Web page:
Manufacturer of pharmaceutical products has to decide about the recovery from a certain disease for a new medication on basis of samples. For the test $H_0 : θ_0 ≥ 0.90$ versus $H_1 : θ_0 < 0:90$, we can only calculate type II error probabilities for specific values for $θ_1$ in $H_1$. Suppose that the manufacturer has in mind a specific alternative, say $θ_1 = 0.60$. His test statistic is x, observed number of successes in $n = 20$ trials and he will accept $H_0$ if x ≥ 15. Evaluate probabilities α and β.


Acceptance region for $H_0$ is given by {$15; 16; 17; 18; 19; 20$}.

$$α = \text{P(type I error)} = P(x < 15|θ = 0.90) = 0.0114$$ $$β = \text{P(type II error)} = P(x ≥ 15|θ = 0.60) = 0.1255$$

β can be reduced by appropriately changing critical region: If critical region is $x < 16$ we get $α = 0.0433$ and $β = 0.0509$

What is the exact calculation behind $α = P(x < 15|θ = 0.90) $ and $β = P(x ≥ 15|θ = 0.60)$ ? I am aware we are dealing with binomial distribution from a small sample, so approximation to normal is not appropriate.

  • 1
    $\begingroup$ Yes, approximation is not appropriate. There are tables containing values of the cdf of a Binomial random variable, I suppose the parameter values $n=20$ and $p=0.9$ or $p=0.6$ can be found in many of them. However, nowadays you would just ask statistical software for the precise values. In R for instance, the commands would be "pbinom(14,20,0.9)" and "1-pbinom(14,20,0.6)". The exact calculation is of course based on $P(X=x|n,\theta)={n \choose x}\theta^x (1-\theta)^{n-x}$ $\endgroup$ – Mau314 Aug 15 '18 at 9:21

To compute the exact binomial probabilities in this problem, you could use (i) the binomial PDF formula, (ii) a statistical calculator programmed with the binomial PDF and CDF, or (iii) statistical software on a computer.

I will illustrate the use of R statistical software, and indicate how to use the binomial PDF.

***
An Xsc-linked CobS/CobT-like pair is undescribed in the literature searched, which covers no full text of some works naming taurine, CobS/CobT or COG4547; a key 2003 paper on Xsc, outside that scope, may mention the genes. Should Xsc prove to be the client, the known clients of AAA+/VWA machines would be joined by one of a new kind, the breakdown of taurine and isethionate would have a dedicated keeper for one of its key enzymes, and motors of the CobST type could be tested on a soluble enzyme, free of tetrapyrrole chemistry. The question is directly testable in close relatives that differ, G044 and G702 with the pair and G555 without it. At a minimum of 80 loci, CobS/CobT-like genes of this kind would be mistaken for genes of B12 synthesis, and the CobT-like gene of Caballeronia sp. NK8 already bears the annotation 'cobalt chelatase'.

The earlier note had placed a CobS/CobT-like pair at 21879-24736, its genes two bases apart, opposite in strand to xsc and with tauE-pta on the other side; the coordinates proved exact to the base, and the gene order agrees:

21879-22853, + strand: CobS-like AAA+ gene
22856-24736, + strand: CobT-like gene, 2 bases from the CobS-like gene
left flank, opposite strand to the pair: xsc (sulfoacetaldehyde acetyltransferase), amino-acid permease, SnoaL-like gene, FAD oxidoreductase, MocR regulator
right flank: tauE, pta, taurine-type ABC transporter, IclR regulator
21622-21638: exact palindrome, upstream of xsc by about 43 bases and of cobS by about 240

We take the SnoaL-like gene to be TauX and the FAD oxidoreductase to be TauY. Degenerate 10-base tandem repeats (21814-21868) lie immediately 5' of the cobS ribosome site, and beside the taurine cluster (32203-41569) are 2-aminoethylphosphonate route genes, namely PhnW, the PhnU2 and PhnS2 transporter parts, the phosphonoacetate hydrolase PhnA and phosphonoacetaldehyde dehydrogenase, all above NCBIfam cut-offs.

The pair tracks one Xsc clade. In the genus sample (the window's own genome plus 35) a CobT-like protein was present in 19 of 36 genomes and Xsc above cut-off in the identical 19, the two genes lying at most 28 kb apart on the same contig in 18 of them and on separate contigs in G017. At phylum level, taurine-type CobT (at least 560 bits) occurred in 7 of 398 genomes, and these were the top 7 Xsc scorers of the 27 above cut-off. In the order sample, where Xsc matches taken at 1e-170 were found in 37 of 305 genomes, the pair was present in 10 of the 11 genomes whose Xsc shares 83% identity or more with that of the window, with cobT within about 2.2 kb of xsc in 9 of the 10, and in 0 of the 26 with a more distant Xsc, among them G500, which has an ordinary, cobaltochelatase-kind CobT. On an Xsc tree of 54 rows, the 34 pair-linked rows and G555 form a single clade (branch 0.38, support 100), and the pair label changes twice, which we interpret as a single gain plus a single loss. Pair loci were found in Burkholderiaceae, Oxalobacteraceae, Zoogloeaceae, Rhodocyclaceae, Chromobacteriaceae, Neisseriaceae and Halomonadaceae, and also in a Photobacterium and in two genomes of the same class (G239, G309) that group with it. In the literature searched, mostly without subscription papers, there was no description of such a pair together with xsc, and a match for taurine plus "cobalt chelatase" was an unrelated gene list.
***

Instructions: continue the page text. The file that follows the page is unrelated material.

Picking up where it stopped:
Type I error. Suppose $X \sim \mathsf{Binom}(n=20, p=.9).$ Then $\alpha = P(X < 15) = P(X \le 14) = 0.0113.$

In R statistical software pbinom is a binomial CDF.

pbinom(14, 20, .9)
[1] 0.01125313

The same result can be obtained by adding terms of the binomial PDF function dbinom; the notation 0:14 is shorthand for a list of the numbers $k = 0, \dots, 14.$ These are the numbers in the 'Rejection region' of your test.

sum(dbinom(0:14, 20, .9))
[1] 0.01125313

By either computation, this differs slightly from the answer given in your Question, and the first computation in R agrees with @Mau314's Comment.

Using the binomial PDF would require summing terms $P(X = k) = {20 \choose k}(.9)^k(.1)^{n-k},$ for $k = 15, \dots, 20,$ and subtracting the sum from $1.$

Type II error. Suppose $X \sim \mathsf{Binom}(n=20, p=.6).$ Then $\beta(p=.6) = P(X \ge 15) = 1 - P(X \le 14) = 0.1256.$

1 - pbinom(14, 20, .6)
[1] 0.125599

Using the binomial PDF would require summing terms $P(X = k) = {20 \choose k}(.6)^k(.4)^{n-k},$ for $k = 15, \dots, 20.$

The 'power' of the test against the specific alternative $p = .6$ is $\pi(p=.6) = 1 - \beta(p=.6) = 1 - 0.1256 = 0.8744.$

The figure below shows the PDFs of the two binomial distributions used above. The Rejection region is to the left of the vertical broken line and the Acceptance region is to the right.

enter image description here


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